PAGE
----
All of us have wondered whether we’re getting enough sleep at some point in our lives. There are several factors that impact the number of hours of sleep we should be getting, such as our age, genetics, sleep quality, etc. If you’ve ever wondered how much sleep do you need per night, read on to find out all the general science-backed recommendations, as well as some key points like whether we should take naps and what the consequences of not getting enough sleep are.
Our article also contains a section where we share some of our best tips that will help you get more and better quality sleep, as well as an FAQ section where we address some common concerns.
Let’s start by examining the sleeping guidelines that depend on our age group.
How Much Sleep Do You Need Per Night by Age Group
The number of hours of sleep you need per night largely depends on which age group you’re a part of. Keep in mind that while the recommendations below are science-backed, the exact hours of sleep you or your child need varies from individual to individual. According to this study published in Nature and Science of Sleep, we should individualise the amount of sleep we get while trying to stick to the recommended ranges.
We know that babies and children need more sleep on average in order to reach optimal growth, but how many hours exactly per day does that amount to?
Newborns need the most sleep, ranging from anywhere from 14 hours to 17 hours. Toddlers need a little less sleep on average as compared to newborns, so anywhere from 11 to 14 hours of sleep usually works well for them. If your child is aged from three to five, then it’s recommended that they get 10 to 13 hours of sleep. Children who have reached school age should get around 9-11 hours of sleep per night, while teens should sleep between 8 and 10 hours a night.
As far as adults are concerned, the general recommendation is for us to get from 7 to 9 hours of sleep every day. Some elders can get away with sleeping for 6 to 7 hours a day, although it’s recommended that they try to get as much sleep as possible. Certain sleeping conditions and disorders can affect the elder’s ability to get optimal, quality sleep for the recommended duration of time, which is also something to keep in mind.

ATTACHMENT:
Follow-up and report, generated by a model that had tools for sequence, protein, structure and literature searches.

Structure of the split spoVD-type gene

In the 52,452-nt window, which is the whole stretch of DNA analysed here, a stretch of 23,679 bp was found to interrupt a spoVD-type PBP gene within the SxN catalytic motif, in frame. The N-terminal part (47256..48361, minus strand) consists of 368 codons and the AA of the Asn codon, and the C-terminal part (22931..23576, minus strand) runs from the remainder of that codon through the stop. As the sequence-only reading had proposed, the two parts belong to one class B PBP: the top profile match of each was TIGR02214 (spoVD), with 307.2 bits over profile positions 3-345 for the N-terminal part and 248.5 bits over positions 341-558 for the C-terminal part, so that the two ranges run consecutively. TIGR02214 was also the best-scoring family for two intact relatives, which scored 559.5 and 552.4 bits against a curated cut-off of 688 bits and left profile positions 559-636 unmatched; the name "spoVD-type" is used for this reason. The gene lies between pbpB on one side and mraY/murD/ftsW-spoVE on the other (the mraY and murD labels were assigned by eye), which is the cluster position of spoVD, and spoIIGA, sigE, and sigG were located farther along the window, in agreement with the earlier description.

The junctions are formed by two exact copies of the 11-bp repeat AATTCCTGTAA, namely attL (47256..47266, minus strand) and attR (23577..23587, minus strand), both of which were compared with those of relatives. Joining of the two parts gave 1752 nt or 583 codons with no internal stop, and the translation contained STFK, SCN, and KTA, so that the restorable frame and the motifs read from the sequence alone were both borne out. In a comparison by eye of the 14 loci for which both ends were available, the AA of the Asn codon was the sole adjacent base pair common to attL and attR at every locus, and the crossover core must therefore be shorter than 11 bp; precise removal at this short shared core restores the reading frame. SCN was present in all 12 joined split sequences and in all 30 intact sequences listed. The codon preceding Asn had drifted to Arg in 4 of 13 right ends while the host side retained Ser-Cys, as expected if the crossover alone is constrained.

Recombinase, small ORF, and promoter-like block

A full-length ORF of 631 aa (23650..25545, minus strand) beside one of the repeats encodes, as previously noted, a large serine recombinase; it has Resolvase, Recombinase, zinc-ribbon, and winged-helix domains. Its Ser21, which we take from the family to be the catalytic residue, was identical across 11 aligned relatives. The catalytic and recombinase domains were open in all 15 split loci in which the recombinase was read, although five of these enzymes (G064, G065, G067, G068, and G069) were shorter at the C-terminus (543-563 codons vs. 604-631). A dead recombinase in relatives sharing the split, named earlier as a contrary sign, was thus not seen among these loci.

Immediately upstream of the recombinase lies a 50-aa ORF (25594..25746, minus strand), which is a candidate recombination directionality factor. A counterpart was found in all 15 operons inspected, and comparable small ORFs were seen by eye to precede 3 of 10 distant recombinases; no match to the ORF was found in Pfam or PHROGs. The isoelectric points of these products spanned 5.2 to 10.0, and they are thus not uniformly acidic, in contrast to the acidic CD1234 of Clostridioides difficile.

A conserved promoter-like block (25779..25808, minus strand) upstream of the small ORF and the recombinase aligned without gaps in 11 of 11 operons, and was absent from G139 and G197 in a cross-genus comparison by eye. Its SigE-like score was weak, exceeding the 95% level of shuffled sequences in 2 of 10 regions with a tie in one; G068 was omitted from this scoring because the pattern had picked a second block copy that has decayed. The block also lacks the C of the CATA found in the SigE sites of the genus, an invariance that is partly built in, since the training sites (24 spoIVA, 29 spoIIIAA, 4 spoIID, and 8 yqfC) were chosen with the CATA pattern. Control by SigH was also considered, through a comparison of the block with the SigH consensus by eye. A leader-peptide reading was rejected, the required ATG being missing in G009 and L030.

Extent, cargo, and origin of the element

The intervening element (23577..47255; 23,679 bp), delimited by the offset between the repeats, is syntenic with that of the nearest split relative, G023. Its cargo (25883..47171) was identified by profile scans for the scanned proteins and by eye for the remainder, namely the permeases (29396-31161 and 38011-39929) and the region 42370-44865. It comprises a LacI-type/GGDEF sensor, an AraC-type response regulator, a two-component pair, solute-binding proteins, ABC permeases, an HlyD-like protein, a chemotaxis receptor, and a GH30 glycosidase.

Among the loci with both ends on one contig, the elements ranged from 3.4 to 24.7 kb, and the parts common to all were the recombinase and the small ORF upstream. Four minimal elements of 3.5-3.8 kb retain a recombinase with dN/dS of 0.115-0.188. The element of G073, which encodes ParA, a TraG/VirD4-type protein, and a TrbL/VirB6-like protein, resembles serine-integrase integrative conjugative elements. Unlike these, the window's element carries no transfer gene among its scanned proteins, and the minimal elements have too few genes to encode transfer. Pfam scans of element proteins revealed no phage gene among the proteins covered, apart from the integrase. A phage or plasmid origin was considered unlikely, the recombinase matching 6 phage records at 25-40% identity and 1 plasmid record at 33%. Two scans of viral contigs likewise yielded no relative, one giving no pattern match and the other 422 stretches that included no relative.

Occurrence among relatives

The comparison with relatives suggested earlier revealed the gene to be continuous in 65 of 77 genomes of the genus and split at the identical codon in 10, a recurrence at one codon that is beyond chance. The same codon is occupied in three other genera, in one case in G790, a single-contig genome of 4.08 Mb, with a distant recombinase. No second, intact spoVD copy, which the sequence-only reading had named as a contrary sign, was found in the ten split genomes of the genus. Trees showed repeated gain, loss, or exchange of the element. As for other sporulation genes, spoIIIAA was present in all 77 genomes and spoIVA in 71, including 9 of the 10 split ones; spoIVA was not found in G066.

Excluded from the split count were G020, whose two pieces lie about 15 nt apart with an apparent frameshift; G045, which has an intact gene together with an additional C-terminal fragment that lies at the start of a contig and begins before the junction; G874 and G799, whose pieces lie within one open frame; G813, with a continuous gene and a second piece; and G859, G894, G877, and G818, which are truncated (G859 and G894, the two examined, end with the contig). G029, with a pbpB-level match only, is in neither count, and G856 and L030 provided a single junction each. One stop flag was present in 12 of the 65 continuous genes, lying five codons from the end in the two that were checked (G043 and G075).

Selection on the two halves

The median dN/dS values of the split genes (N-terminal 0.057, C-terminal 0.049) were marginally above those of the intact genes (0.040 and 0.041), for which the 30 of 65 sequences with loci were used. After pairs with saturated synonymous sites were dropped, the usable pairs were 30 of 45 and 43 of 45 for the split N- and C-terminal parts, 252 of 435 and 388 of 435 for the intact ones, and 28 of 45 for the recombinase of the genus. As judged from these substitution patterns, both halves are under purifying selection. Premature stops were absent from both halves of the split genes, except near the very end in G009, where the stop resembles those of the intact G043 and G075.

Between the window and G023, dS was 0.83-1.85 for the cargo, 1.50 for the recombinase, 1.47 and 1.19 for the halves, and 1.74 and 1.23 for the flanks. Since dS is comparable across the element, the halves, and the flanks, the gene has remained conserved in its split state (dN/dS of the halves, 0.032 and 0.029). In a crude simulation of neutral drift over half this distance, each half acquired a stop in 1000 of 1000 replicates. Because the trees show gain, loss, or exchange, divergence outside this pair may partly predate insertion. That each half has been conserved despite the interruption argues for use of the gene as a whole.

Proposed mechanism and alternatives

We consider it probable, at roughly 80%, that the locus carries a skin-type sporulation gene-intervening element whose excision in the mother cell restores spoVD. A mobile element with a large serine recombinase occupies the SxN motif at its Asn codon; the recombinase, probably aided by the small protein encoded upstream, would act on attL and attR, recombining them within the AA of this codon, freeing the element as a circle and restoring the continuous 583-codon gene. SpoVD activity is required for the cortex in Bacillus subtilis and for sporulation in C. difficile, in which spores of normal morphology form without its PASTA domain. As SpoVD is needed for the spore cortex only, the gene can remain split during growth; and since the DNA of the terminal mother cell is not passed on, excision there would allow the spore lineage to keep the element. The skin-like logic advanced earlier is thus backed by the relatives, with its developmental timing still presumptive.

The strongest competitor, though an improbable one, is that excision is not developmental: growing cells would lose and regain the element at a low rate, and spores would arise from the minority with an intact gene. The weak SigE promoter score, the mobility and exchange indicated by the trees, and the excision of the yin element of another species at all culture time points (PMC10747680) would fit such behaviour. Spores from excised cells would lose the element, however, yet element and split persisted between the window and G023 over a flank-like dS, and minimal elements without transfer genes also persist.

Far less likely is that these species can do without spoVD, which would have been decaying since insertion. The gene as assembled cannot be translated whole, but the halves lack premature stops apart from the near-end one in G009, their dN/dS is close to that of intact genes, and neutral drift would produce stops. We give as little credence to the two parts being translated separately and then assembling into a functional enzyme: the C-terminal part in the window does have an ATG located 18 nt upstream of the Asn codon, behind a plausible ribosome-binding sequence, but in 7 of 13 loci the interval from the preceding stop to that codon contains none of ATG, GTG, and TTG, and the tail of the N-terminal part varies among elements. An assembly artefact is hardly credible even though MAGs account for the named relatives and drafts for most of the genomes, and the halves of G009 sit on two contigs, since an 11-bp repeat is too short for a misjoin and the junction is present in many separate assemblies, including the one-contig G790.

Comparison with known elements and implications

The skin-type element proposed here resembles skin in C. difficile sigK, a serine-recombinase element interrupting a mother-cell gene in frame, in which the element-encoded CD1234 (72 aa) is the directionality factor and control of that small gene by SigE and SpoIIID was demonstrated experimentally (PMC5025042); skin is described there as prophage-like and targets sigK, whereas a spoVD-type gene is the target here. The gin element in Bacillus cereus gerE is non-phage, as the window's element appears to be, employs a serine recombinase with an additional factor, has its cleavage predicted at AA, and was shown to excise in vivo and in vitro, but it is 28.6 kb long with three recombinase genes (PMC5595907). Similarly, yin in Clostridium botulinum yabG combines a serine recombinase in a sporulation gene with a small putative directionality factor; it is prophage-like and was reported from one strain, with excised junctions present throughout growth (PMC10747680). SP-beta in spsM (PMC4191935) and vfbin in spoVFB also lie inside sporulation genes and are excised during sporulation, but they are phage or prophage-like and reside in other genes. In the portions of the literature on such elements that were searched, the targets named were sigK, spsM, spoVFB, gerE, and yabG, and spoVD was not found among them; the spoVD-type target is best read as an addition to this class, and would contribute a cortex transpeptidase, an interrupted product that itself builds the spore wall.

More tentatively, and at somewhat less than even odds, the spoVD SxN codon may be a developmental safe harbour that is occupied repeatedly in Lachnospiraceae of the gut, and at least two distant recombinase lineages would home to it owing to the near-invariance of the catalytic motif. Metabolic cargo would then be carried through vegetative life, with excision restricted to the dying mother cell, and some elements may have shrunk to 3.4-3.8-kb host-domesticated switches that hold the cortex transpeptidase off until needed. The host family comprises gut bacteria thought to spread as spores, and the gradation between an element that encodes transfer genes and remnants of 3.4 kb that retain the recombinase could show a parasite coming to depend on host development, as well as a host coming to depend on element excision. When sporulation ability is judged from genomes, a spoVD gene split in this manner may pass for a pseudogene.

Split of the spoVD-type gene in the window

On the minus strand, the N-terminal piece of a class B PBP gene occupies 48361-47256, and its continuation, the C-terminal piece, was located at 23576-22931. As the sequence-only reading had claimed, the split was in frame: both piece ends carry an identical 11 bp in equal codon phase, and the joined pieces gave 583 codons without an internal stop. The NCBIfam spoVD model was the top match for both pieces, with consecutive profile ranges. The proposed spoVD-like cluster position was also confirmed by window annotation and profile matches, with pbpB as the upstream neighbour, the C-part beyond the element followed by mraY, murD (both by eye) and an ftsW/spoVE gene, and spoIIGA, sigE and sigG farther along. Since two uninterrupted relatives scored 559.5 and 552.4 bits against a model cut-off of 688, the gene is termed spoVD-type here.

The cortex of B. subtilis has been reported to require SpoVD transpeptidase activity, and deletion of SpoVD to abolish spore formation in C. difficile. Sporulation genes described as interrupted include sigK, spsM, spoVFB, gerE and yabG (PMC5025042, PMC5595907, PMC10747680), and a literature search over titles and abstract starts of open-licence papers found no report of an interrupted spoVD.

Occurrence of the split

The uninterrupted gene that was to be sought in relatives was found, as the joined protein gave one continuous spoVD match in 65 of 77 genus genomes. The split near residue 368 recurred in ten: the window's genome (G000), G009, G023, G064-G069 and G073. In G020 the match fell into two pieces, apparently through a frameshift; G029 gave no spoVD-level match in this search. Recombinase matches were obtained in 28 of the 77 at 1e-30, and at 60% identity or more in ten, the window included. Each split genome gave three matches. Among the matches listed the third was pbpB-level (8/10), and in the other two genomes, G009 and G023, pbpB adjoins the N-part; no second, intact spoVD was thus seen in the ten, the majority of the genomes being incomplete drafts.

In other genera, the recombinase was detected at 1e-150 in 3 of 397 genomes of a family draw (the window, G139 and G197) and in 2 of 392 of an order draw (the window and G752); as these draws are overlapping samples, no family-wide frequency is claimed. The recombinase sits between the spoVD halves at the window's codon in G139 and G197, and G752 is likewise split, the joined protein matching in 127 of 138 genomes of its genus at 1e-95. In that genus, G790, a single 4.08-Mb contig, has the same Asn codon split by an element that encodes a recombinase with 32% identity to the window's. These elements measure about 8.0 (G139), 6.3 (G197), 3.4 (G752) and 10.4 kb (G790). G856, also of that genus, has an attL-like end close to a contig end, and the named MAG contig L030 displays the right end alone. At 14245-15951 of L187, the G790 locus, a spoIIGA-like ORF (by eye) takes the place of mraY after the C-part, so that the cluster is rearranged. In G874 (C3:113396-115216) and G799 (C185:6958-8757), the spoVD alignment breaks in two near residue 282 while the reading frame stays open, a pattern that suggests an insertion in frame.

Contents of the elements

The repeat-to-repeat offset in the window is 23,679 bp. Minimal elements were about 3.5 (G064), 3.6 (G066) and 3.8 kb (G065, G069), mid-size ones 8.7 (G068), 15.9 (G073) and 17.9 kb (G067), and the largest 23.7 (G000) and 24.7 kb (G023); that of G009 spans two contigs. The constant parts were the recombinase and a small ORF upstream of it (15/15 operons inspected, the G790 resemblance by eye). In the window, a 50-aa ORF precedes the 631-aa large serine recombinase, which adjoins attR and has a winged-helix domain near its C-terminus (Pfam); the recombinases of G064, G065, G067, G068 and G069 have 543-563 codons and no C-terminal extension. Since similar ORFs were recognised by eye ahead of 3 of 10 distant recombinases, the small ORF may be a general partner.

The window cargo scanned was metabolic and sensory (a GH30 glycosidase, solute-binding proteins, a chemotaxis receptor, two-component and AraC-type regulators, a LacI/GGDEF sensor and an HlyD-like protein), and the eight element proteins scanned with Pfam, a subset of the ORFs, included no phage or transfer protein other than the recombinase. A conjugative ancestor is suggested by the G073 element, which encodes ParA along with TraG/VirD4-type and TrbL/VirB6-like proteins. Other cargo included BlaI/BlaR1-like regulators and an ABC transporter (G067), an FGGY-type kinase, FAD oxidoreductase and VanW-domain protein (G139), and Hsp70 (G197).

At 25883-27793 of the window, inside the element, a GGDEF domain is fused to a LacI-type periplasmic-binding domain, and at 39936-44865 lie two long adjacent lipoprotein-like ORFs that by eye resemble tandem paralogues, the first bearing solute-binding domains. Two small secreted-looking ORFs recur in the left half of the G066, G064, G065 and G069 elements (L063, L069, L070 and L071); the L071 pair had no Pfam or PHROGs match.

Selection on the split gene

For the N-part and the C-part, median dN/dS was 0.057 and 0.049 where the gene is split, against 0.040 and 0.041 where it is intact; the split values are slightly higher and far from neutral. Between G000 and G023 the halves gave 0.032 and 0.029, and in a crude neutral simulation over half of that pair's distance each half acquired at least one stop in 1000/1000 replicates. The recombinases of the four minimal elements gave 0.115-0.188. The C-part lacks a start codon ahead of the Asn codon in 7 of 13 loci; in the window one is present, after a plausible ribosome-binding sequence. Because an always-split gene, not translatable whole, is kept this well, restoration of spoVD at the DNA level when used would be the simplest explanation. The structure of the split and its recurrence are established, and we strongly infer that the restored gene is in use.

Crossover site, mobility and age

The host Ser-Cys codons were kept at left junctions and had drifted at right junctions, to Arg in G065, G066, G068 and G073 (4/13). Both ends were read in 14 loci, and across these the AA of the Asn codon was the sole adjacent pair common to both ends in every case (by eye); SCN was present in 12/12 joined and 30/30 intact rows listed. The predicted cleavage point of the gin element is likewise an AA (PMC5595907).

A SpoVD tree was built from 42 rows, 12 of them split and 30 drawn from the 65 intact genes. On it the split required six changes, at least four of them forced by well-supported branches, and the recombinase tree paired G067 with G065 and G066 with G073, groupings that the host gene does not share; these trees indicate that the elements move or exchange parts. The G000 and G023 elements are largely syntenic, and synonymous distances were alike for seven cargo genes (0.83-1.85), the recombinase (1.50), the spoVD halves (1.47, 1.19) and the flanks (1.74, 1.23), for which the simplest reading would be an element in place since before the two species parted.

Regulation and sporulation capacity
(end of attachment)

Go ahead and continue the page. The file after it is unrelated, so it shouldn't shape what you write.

Which Factors Influence the Amount of Sleep We Need?
Now that you know the recommended numbers based on age groups, let’s take a look at some other factors that can have an impact on the amount of sleep our bodies need on a day to day basis.
If you’re a healthy individual who exercises regularly and maintains a healthy diet, chances are you could get away with sleeping less than the average person. This doesn’t mean that cutting down on the number of hours you sleep will work for everyone who leads a healthy lifestyle, so make sure you listen to your body throughout the whole process.
On the other hand, if you suffer from certain chronic health problems, you might need more sleep than the average person.
Athletes and those who have taxing jobs naturally require more sleep in order to make up for the energy that they burn during the day.
Finally, certain sleep disorders lower the quality of our sleep, making us want to fall asleep for longer to make up for the lost quality.
What About Naps?
All of us have nights when we barely get any sleep and feel exhausted the next day. However, taking a nap always seems to remedy our lassitude and restore our energy levels. If you struggle to get enough sleep on some nights, daytime naps might help put an hour or two to your total hours of sleep per day. If you find yourself feeling tired after taking longer naps, then we recommend sticking to power naps – usually 20 to 30 minutes long – that serve as a quick and efficient energy boost and mood lifter.